At 5-foot-4, D’Alie still dominates the game

Rae Lin D’Alie, who led the Waterford Wolverines to the 2006 state championship game, delivers a pass for Italy in World Cup action. (Submitted/SLN)

 

By Andrew Horschak

Sports Correspondent

If this summer is any indication, there appears to be no slowing down former Waterford High School star Rae Lin D’Alie on the basketball court.

Entering her eighth season playing professionally in Italy, the 5-foot-4 ball-handling wizard sparked her Italian team to the championship in the FIBA 3×3 World Cup in the Philippines in early June.

A crowd favorite during the tournament, D’Alie picked up Most Valuable Player honors after scoring seven points in her team’s 16-12 victory over defending champion Russia in the gold-medal game.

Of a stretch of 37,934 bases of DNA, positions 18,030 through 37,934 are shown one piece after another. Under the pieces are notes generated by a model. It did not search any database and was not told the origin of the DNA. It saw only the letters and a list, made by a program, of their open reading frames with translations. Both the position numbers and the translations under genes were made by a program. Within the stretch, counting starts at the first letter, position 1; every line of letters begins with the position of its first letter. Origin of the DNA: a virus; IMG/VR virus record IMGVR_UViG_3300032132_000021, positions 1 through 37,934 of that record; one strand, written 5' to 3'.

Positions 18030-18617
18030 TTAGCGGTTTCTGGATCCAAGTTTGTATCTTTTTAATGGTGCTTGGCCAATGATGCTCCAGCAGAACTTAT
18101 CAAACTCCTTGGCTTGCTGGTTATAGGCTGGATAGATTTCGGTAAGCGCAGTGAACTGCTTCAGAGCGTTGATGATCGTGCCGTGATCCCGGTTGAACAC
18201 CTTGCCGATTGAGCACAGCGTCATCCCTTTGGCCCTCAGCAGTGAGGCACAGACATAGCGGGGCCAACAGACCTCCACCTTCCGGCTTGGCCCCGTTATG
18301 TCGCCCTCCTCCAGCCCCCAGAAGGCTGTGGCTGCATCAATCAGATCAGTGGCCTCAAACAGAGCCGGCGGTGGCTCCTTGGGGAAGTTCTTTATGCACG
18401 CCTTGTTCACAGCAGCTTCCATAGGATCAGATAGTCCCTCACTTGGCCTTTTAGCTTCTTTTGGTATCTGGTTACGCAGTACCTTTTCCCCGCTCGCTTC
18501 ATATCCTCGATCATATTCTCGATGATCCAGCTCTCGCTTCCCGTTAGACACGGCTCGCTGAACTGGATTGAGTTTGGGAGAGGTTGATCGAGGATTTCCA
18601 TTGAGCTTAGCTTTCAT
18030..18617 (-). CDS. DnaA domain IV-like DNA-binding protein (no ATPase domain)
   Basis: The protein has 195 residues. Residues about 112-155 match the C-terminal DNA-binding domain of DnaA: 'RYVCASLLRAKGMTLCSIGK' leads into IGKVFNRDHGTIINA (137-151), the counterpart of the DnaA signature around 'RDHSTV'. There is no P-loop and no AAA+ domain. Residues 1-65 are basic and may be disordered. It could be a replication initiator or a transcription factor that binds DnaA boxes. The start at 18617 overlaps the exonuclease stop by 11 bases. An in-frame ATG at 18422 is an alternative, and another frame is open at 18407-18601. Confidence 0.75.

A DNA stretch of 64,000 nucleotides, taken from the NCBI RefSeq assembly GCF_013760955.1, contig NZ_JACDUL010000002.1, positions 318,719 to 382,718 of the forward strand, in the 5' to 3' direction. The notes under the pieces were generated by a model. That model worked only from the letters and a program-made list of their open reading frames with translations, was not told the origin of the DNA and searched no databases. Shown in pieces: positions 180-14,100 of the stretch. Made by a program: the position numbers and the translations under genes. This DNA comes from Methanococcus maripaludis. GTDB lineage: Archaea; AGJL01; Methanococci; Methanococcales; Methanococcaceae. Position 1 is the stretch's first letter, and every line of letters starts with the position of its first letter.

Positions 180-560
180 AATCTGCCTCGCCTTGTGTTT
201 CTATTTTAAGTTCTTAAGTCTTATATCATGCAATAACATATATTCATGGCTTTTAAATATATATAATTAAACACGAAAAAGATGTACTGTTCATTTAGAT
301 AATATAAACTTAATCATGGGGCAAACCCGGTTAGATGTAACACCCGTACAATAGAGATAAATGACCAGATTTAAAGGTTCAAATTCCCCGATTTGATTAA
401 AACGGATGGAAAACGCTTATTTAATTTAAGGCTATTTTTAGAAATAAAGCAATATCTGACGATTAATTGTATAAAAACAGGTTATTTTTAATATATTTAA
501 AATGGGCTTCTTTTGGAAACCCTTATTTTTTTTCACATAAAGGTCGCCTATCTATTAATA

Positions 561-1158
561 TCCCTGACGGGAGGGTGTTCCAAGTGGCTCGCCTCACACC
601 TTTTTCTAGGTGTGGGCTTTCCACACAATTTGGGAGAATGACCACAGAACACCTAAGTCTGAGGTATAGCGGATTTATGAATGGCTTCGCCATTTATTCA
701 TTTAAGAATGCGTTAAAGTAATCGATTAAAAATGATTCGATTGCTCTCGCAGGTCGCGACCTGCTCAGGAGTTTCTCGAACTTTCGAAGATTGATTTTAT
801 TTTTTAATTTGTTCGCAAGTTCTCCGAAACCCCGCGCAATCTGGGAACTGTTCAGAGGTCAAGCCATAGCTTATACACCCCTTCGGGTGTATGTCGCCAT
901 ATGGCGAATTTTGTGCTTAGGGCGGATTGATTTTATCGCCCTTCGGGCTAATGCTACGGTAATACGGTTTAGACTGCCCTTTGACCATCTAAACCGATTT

Italy, which also included Giulia Ciavarella, Marcella Filippi and Giulia Rulli, went 3-1 in pool play and reached the final with victories over the United States (17-14) and top-seeded China (15-13).

D’Alie and her victorious teammates were a big hit when they returned to Italy. The hero’s welcome didn’t end there.

D’Alie recently returned to Wisconsin for a six-week stay, which included standing up in the wedding of her brother, Vincent, to Kelsy Foat on July 28 in Burlington. She will head back to Bologna, Italy, on Sept. 3 where she will begin preparations for her third season with Progresso of the Italian Basketball League (Second Division).

Recently, Southern Lakes Newspapers caught up with the 2006 Waterford graduate and former All-State standout to talk about her eventful summer and life in Italy.

  SLN: Do you speak Italian?

      RLD: I do. I do.

SLN: How proficient are you?